This first book of three not only brings Ella and Zac together, it lays down the back story which has led to present day events. It finished on a total knife edge, leaving me desperate for book two. I loved Ella, adored Zac and know after reading The Path Keeper this is going to be a hugely successful series.


author-n-j-simmondsNatali Drake, who writes under the pen name of N J Simmonds, is an accredited member of the Society of Authors. When she’s not busy working on her YA fantasy romance series she is also a freelance writer and brand consultant. She has written articles for various UK newspapers and online publications with two of her essays appearing in The Mother Book published by Selfish Mother. In 2015 she co-founded online magazine The Glass House Girls and is a regular contributor.
Originally from north London, Natali began her career in corporate publishing and marketing before moving to abroad to write and to raise her family. She now divides her time between her two homes in The Netherlands and Spain with her husband and two daughters.
The Path Keeper, published by Accent Press, is her debut novel. Her second book of the series, Son of Secrets, will be available late 2017.


Click for each page URL


Amazon link, click here


Tuesday Talk welcomes Author and BritFic Founder Christina Philippou talking about Writing Influences and Desert Island ‘Must Haves’

cphilippou-2Good morning Christina and welcome. Can I start, as always, by asking you a little about yourself?

Thank you for having me! I’m Christina, contemporary fiction author of Lost in Static, and all-round busy mum of three.

How did your writing career begin?

I’ve always loved writing, and I had tens of notebooks hidden under my desk at school where I used to pen stories instead of paying attention to lessons…

Who are your favourite authors and have they influenced you in any way?

Tough question! I’ve always been a fan of Agatha Christie and Sir Arthur Conan Doyle – I grew up re-reading them regularly and, although I write contemporary fiction, mystery and clue-planting are traits that I’ve taken from them. I’ve also always been a fan of adventure – Alexandre Dumas being a case in point. And, more recently, I’ve really enjoyed Gillian Flynn’s writing (although I wasn’t the biggest fan of Gone Girl…). But I love discovering new authors and new styles of writing – and I take something away from every book I read (even if it is a tip of what to avoid in my writing).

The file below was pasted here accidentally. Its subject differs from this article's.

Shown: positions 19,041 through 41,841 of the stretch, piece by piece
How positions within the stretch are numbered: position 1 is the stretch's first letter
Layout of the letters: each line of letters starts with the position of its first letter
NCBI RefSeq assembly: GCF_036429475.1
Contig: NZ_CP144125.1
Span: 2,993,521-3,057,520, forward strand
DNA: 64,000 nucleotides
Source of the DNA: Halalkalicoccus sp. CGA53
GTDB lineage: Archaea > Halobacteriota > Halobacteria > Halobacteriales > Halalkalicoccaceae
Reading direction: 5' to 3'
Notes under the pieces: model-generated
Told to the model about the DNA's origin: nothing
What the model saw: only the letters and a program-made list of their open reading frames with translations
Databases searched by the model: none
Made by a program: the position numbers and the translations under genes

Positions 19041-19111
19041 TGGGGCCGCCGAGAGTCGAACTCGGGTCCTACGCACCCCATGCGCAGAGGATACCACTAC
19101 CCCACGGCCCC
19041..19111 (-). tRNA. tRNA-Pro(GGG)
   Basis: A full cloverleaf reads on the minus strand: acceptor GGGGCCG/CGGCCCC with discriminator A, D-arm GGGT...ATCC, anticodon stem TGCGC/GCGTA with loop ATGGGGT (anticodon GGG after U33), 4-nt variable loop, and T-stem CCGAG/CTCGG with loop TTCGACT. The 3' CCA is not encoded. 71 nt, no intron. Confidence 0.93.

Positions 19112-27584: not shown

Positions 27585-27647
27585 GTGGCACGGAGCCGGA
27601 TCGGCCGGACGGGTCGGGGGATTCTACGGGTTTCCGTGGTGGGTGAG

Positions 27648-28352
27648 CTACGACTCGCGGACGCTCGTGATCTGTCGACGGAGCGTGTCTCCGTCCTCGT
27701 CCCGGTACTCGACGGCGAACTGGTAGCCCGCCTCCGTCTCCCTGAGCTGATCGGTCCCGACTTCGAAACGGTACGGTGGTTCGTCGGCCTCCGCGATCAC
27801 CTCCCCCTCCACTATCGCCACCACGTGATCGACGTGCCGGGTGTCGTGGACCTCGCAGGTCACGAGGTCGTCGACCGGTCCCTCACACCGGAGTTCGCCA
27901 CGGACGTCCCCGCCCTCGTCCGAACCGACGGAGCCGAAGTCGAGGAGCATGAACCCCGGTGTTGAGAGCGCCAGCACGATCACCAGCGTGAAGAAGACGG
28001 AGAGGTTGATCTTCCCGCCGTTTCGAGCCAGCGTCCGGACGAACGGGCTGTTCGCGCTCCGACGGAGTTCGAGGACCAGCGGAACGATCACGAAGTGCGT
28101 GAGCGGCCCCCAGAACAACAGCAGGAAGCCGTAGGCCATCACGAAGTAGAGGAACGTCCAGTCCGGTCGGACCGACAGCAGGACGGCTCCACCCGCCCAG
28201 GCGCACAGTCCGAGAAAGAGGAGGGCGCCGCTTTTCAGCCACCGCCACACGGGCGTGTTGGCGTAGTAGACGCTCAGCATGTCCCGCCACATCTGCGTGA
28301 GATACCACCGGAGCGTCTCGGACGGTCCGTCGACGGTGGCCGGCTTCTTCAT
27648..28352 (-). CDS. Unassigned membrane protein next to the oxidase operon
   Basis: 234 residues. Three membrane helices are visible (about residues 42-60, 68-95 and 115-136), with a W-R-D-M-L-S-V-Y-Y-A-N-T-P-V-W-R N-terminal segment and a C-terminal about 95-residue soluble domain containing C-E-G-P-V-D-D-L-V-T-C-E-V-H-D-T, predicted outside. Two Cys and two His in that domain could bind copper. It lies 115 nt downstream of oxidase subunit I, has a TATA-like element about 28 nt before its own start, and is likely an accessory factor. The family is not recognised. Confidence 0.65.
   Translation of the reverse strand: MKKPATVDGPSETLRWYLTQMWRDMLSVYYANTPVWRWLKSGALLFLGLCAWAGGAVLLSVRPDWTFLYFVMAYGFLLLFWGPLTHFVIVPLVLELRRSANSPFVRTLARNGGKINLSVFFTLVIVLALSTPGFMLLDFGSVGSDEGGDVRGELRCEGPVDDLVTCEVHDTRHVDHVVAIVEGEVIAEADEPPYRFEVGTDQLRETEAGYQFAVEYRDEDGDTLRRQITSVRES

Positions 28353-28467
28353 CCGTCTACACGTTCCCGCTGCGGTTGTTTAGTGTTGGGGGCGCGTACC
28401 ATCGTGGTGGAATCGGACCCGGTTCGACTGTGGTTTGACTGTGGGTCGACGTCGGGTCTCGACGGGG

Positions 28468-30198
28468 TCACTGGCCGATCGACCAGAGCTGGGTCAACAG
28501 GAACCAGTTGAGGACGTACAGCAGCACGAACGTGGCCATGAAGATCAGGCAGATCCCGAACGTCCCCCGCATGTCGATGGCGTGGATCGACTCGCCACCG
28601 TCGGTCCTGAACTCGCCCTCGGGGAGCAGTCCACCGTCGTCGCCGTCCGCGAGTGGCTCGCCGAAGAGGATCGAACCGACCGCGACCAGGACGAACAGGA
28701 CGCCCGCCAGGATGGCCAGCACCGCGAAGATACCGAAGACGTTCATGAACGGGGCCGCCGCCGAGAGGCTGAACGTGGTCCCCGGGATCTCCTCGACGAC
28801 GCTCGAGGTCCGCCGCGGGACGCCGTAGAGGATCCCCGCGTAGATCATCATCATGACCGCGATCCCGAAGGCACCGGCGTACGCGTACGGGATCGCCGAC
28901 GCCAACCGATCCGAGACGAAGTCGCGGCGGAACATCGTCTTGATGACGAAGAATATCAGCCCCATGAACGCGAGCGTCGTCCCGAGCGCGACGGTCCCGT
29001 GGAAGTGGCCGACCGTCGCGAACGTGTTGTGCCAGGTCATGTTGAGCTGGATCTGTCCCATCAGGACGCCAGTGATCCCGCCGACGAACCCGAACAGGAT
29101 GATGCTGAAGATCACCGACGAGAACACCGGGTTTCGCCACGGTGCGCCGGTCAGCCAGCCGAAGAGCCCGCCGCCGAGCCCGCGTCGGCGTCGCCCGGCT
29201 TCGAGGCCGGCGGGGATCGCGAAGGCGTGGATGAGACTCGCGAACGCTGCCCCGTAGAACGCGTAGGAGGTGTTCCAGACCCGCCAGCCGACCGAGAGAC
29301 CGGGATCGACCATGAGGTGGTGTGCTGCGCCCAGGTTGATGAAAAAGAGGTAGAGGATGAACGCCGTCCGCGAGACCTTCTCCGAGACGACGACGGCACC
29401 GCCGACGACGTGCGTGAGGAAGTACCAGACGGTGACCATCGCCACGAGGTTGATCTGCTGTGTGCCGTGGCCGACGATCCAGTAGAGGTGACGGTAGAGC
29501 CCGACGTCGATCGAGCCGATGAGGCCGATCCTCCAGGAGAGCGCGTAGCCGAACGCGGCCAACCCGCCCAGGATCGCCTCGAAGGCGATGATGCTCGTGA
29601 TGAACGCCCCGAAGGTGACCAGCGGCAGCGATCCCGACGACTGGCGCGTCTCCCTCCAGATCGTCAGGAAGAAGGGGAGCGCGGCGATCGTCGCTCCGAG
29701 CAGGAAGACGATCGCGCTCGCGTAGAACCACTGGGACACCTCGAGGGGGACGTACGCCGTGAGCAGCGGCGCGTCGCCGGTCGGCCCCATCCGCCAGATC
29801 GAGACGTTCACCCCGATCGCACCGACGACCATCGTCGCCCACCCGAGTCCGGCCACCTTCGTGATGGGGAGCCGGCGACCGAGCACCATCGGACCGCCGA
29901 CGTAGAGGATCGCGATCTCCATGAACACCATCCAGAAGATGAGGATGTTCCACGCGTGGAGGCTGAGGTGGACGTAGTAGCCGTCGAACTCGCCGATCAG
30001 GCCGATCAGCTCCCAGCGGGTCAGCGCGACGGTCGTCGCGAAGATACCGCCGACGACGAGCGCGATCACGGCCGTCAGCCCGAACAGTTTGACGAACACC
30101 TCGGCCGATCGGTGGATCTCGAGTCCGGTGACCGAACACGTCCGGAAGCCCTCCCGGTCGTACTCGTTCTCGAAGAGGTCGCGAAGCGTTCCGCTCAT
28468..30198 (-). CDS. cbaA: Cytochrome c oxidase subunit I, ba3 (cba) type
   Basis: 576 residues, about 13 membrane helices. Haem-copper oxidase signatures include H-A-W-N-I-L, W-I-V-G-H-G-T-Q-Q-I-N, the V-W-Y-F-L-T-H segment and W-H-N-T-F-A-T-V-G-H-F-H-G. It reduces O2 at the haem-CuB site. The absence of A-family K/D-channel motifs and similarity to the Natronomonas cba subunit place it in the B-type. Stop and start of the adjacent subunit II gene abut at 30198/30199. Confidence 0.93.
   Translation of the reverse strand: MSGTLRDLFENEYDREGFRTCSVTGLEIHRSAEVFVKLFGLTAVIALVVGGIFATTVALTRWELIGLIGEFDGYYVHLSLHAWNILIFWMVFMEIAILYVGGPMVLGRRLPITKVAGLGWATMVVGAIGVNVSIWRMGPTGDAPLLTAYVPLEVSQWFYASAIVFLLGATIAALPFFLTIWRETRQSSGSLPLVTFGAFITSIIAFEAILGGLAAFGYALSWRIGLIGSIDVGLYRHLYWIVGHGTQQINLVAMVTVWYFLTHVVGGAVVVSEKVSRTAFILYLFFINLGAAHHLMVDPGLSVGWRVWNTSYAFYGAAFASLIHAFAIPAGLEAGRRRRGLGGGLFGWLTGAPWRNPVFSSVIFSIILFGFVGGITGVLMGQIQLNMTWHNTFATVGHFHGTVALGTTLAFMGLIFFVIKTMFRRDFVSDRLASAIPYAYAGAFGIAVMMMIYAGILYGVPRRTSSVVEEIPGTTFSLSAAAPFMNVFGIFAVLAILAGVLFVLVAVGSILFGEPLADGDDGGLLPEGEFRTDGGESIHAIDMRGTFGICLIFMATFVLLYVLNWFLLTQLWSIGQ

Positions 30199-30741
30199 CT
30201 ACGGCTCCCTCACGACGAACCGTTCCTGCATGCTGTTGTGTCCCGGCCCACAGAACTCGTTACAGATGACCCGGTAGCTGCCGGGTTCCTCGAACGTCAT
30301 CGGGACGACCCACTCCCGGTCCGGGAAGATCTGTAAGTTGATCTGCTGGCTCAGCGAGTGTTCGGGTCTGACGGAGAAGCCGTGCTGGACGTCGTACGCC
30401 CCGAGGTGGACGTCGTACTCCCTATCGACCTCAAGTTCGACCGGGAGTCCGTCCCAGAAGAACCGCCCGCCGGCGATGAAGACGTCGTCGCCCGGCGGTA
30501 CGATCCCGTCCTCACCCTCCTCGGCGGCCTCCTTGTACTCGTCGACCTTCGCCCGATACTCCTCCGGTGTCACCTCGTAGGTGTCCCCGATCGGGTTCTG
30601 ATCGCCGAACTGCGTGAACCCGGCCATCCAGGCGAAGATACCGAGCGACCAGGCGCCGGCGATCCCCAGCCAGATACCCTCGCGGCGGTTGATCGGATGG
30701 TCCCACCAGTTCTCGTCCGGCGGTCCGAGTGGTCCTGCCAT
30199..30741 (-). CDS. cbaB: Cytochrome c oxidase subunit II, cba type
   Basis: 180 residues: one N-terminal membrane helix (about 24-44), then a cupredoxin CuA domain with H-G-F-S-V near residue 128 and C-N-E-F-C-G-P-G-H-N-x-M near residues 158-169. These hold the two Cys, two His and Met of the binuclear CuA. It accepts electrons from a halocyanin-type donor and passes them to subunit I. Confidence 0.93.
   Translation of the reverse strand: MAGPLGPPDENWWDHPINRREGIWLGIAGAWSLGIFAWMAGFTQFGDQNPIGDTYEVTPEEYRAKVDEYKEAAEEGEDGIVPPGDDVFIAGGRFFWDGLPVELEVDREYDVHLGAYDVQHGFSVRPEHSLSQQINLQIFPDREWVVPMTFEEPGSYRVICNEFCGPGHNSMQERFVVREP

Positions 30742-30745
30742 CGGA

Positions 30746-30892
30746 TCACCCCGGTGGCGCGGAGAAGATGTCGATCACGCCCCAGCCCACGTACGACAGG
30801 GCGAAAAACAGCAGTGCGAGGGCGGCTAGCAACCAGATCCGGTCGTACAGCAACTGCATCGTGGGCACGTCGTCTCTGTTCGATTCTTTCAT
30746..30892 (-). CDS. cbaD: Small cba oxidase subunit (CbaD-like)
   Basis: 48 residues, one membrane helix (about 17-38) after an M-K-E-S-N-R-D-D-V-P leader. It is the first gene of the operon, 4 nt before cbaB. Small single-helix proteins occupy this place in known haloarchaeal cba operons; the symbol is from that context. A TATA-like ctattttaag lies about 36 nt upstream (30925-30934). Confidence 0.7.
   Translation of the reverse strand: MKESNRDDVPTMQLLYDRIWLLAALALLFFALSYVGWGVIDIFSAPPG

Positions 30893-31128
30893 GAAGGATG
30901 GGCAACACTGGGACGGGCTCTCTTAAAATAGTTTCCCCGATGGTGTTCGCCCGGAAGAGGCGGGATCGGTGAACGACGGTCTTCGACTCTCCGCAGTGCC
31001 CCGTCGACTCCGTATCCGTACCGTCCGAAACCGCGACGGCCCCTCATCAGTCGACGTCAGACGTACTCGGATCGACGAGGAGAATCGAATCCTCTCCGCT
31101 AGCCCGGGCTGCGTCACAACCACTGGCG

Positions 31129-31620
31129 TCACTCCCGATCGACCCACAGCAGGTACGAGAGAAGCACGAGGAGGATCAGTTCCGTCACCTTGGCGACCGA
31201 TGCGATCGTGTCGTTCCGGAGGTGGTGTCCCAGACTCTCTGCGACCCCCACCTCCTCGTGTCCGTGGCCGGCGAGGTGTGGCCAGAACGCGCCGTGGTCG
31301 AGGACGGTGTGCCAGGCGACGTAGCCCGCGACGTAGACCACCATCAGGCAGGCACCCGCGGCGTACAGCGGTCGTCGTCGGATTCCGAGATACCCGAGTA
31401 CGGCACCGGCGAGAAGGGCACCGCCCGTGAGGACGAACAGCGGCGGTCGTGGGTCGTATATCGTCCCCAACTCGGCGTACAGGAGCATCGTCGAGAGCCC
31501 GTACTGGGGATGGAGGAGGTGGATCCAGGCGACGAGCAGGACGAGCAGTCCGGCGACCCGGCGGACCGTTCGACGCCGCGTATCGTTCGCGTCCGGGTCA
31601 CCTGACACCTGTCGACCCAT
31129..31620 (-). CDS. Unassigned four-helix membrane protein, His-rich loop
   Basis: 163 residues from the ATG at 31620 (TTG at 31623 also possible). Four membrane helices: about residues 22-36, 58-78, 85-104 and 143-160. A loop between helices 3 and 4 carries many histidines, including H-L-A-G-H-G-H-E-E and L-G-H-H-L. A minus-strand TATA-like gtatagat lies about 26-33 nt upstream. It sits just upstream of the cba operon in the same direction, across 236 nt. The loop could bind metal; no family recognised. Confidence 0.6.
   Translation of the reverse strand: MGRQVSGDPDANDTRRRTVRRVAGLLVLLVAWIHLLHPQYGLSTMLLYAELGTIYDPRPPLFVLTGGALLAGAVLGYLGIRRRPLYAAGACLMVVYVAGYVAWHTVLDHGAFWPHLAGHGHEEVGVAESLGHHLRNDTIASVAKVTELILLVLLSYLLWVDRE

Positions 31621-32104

What draws you to the characters and situations you write about?

Life. I like characters that are raw and face adversity head on. Yes, there is romance and happiness in life, but there rarely is a nicely ties-up ending to any of our real-life stories. Life is messy, and I love it for inspiration.
I also love playing with perspective. My debut novel, Lost in Static, was all about looking at the same events from four sometimes very different points of view. Memories, culture, background, education, friends, and so many other factors affect how someone sees things. I loved playing with that by throwing my characters into situations that could be interpreted very differently. My current work in progress plays with the changes in perception with age.

How do you spend your chill out time?

I wish I had chill out time! I’ve got a job, three young kids, and my writing, so chilling out is rare. But watching/ playing sport or enjoying nature with my children is wonderful.

Can you tell us something about your current WIP?

It’s a suspense novel about how life experiences change how you look at things… It’s also about isolation, not belonging, and the rise of the right. All in all, a much darker novel than Lost in Static!

And lastly, you are planning to spend a year on a desert island away from civilization. What four ‘must haves’ would you take with you and why?

My immediate family (husband and children), a football (with pump), a first aid kid, and books.

Lost in Static


Sometimes growing up is seeing someone else’s side of the story.

Four stories. One truth. Whom do you believe? 

Callum has a family secret. Yasmine wants to know it. Juliette thinks nobody knows hers. All Ruby wants is to reinvent herself.

They are brought together by circumstance, torn apart by misunderstanding. As new relationships are forged and confidences are broken, each person’s version of events is coloured by their background, beliefs and prejudices. And so the ingredients are in place for a year shaped by lust, betrayal, and violence…

Lost in Static is the gripping debut from author Christina Philippou. Whom will you trust?


Lost in Static is available from, amongst others, Amazon UK, Amazon US, and direct from the publisher, Urbane Publications.

Author Bio

Christina Philippou’s writing career has been a varied one, from populating the short-story notebook that lived under her desk at school to penning reports on corruption and terrorist finance. When not reading or writing, she can be found engaging in sport or undertaking some form of nature appreciation. Christina has three passports to go with her three children, but is not a spy. Lost in Static is her first novel.

Christina is also the founder of the contemporary fiction author initiative, Britfic.

You can connect with Christina on her websiteTwitterFacebookInstagram and Google+.